When it comes to texting and driving, it can wait. That is the simple, yet vital, message AT&T is sending drivers — particularly high school students.
To drive home this message and make the roads safer, AT&T brought an in-car virtual reality simulator to Gibault Catholic High School in Waterloo last month to let teen drivers experience first-hand the dangers of texting and driving.
The Insurance Institute for Highway Safety reports 11 teen deaths every day are attributed to texting while driving. Texting is the number one mode of communication for teens, who text on average 60 times a day.
One text takes a person’s eyes off the road for an average of five seconds. At 55 miles per hour, that’s like driving the length of a football field completely blind.
Since launching its “Texting and Driving… It Can Wait” program in 2009, AT&T has integrated anti-texting-while-driving messaging in its stores across the nation and designed a free DriveMode mobile app to help curb texting behind the wheel.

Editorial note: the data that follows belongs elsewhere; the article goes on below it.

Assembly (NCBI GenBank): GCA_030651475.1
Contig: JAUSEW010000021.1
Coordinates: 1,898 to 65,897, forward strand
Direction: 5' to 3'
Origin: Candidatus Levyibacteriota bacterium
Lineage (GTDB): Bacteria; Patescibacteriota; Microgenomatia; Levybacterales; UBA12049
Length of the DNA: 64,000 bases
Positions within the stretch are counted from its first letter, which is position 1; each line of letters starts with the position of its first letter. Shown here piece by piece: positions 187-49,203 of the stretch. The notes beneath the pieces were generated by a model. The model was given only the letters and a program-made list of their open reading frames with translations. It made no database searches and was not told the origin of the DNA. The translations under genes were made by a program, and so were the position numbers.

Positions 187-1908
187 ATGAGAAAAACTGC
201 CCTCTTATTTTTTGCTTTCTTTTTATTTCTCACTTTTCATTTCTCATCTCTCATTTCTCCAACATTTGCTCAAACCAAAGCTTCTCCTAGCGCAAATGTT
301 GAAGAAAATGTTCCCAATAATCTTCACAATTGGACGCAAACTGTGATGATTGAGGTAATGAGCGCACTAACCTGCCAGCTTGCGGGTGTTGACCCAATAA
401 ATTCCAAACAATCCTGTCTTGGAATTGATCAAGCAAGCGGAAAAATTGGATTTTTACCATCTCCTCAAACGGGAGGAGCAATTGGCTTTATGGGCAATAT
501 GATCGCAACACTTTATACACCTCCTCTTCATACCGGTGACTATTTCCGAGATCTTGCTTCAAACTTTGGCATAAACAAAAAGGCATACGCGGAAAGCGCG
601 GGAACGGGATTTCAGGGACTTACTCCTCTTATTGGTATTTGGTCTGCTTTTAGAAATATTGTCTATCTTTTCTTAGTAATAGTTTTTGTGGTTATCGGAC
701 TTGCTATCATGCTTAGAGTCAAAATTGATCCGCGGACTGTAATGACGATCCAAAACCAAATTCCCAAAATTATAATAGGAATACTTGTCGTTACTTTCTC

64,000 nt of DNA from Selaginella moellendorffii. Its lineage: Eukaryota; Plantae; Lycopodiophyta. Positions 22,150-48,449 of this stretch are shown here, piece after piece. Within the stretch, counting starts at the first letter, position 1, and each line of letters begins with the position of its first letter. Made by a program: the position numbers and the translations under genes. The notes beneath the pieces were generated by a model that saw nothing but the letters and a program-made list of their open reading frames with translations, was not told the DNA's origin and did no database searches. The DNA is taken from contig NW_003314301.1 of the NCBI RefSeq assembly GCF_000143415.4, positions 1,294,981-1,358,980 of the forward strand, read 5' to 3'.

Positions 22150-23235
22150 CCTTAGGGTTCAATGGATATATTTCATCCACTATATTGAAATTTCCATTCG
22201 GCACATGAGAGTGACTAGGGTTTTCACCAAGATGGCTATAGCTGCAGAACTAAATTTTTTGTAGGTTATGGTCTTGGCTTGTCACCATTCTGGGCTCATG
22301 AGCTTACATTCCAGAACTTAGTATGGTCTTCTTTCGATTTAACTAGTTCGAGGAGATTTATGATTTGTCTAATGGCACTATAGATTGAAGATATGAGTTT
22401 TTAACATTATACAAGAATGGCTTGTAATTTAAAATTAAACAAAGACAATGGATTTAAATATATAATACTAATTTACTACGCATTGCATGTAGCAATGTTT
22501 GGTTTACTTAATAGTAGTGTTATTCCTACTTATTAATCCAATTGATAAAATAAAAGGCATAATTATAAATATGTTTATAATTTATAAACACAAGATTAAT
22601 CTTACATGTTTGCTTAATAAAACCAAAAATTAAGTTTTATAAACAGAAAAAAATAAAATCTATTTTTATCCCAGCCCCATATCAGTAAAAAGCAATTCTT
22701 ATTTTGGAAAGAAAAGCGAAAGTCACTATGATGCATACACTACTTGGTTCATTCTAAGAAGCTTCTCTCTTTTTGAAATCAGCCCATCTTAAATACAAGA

During a Friday assembly, Gibault students were shown a documentary titled “The Last Text,” and were urged to sign a pledge not to text and drive.
In addition, Gibault students tried the AT&T simulator, attempting to drive and text on a simulated city street while receiving and sending a text message.
Gibault junior Emily Kaiser flunked her test when she failed to stop for a red light.
AT&T representative Katie Nagus said a recent survey found that 97 percent of teens say they know texting is dangerous. The survey also found 75 percent of teens surveyed say texting while driving is “common” among their friends.
Almost all teens (89 percent) expect a reply to a text or email within five minutes or less, she added, and 77 percent of teens report seeing their parents text while driving.
For more information on the dangers of texting while driving, visit online at www.itcanwait.com.